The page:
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on 12 July 2011
What a great pleasure to see a writer grow with each book. I have now read all of his work and he just gets better. Perhaps it is his taste in music or his politics? Or perhaps it is just the humour and warmth that leap from every page, but I love his work. I cannot wait for the next installment. I have travelled every step of the way with the writer and felt the love in his subject. if you only but one book this summer please buy this
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on 5 September 2014
Well, Bryson he ain't... and he makes Orwell sound like a right-wing swivel-eyed loony. Maconie parades his right-on PC credentials, having a go at all the usual targets - Thatcher, Cameron and Royalty. Basically he's saying "The People are Alright" regardless of what politicians get up to. Worth a shufty, but it won't change your life...
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on 1 July 2011
Previous books by Stuart Maconie have mixed his particular brand of Northern whimsy with elements of British travelogue and social history-lite. In Hope & Glory Maconie attempts something a little more ambitious; an exploration of the social and cultural development of modern Britain through ten 'key events' of the twentieth century, roughly one from each decade, brought to life by visiting the sites where the events took place. It is a simple enough idea, but while Maconie is an amiable companion for most of his somewhat rambling journey, he doesn't quite stick to the plot, nor fully deliver the concept.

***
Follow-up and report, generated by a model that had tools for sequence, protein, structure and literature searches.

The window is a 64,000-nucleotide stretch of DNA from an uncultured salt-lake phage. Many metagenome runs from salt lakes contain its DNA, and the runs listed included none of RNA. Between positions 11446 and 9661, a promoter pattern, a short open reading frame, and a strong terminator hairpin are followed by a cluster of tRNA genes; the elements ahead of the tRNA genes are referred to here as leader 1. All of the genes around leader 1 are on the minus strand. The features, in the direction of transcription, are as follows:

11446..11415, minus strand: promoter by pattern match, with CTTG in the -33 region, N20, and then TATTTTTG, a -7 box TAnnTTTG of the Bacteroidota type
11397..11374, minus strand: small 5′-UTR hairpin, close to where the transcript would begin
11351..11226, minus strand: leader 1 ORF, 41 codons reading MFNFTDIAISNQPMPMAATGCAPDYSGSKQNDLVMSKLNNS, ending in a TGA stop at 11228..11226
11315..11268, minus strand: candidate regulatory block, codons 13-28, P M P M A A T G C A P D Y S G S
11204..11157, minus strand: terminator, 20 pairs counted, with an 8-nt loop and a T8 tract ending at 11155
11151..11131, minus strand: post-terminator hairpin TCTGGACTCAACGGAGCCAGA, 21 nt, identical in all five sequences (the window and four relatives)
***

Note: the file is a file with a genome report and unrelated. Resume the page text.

The problem is largely that Maconie allows too much of himself and his personal likes and prejudices to get in the way. While he is clearly no social commentator of the calibre of George Orwell, despite The Observer's effusive cover blurb, Maconie writes interestingly enough about events such as the fight for universal suffrage, and in particular the first day of the battle of the Somme. Where things begin to go wrong is when Maconie allows his left-wing 'sociology teacher' politics, not just to intrude on his analysis of events, but to completely overwhelm them. Hence every tired cliche in the book is deployed to ensure that we are left in no doubt that the Royals are pointless, privileged, out of touch half-wits, while the likes of Paul Cook (erstwhile Sex Pistol and 'God Save The Queen' contributor) is a 'hell of a nice chap', despite being judged by most reasonable people at the time of his 5 minutes of fame, as a bit of a foul-mouthed oik. The 'Battle of Orgreave' during the miners' strike of 84/85 is portrayed as a deliberate attempt by the establishment, through the underhand machinations of the police, to provoke a violent confrontation; everyone involved in the social and political unrest of the 1920s was a peace-loving salt-of-the-earth worker fighting justifiably for the right to work; Enoch Powell was essentially a right-wing loon with a Hitler moustache. While there may be elements of truth in Maconie's assertions, his credentials as an unbiased and analytical observer are never properly established, and in the worst passages he has a tendency to soapbox rather than back up his claims with properly researched evidence.